A professor of mine at Notre Dame was wont to preface some of his most barbed questions, usually to visiting philosophers and theologians when he thought they had flown a little too high off the ground, with: “Well, I am just a humble historian, but ….” It was a modesty topos worthy of a medieval monastic. You can imagine the smothered snorts from his graduate students in the back row.
Well, I am just a humble historian, and in my case the humility topos is quite, quite genuine. But I have a special interest in early medieval monasticism — the heyday of Benedictine monasticism, historically speaking — and I have been following with interest the debate surrounding Rod Dreher’s Benedict Option. Aside from my academic interests, I teach at a residential seminary: models of Christian community separate, to some extent, from and in tension with their wider parent culture are of interest to me.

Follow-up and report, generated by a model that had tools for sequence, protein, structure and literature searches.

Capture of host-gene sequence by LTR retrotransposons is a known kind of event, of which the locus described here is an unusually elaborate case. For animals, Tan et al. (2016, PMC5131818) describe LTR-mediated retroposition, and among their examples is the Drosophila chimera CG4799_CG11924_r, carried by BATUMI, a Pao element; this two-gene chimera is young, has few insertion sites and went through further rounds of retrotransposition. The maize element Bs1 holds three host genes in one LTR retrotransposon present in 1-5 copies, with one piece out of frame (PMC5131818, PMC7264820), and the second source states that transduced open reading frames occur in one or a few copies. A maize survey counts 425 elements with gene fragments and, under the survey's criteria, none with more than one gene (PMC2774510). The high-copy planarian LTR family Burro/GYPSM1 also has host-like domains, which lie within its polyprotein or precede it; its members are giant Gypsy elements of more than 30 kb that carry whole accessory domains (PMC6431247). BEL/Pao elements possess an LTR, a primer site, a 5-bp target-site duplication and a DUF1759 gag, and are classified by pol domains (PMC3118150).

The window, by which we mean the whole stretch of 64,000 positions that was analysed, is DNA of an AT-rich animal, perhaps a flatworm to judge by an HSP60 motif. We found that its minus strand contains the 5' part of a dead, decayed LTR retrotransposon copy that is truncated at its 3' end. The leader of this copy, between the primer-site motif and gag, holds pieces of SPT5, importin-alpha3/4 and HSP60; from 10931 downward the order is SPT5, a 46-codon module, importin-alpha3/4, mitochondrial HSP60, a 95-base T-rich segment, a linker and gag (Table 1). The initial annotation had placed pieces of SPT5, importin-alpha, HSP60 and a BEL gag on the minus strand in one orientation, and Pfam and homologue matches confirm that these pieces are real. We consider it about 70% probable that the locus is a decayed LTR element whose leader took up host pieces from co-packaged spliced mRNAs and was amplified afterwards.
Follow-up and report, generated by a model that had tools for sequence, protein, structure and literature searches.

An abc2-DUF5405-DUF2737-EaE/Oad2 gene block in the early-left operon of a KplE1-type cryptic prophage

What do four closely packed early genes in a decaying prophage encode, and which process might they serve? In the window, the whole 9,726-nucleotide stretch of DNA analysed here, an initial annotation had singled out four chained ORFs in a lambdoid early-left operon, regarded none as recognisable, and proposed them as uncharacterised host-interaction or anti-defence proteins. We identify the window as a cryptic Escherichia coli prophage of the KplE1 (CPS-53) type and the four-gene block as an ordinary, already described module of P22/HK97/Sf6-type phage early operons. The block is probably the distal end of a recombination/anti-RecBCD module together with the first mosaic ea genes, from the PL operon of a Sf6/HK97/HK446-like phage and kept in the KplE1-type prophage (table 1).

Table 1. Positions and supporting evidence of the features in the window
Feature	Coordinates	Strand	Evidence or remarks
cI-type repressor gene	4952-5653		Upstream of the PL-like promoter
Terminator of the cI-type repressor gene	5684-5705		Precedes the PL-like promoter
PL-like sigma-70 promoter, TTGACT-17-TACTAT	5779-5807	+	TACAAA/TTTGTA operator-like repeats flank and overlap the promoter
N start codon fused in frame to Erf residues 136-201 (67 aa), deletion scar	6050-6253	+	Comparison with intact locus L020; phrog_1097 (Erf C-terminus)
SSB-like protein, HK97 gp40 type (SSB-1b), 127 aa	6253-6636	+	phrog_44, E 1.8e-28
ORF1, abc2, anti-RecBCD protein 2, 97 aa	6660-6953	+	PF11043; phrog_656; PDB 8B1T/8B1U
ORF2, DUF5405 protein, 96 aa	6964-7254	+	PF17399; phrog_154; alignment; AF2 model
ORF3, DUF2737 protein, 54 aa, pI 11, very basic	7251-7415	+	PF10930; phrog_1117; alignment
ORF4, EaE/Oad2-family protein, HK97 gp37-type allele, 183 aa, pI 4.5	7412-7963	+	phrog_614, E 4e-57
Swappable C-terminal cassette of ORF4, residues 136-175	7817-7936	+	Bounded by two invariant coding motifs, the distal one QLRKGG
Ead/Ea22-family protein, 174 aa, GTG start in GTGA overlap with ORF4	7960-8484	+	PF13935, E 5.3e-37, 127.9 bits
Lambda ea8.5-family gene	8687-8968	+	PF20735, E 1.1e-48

As the Benedict Option has gathered momentum across denominational lines, resistance to the idea (like resistance to the value of residential seminary education, in fact) has tended to coalesce around the “separateness” seemingly inherent in the model. There are those, of course, who would welcome the relief of simply ceasing to engage with society, to sign out once and for all in political and social despair. In this mode, it can be far too easy to project onto the Benedict Option a rose-colored nostalgia for a simpler, pre-industrial medieval past: a cozy escape into the world of craft beer and Brother Cadfael.
By and large, however, objections to the Benedict Option have come from a position of conscientious engagement and involvement with society, out of a concern that separation or withdrawal would imperil the mission of the church in the world. Alternatives proposed include the Jeremiah Option and the Daniel Option, both of which aim to propose a deeper level of engagement with their surrounding culture, particularly with regard to political power. Both, interestingly, are biblical rather than historical alternatives. And both are responding on some level to the same preconceptions about Benedict and Benedictine monasticism as the first group: that monasticism constitutes isolation and separation from society, full stop.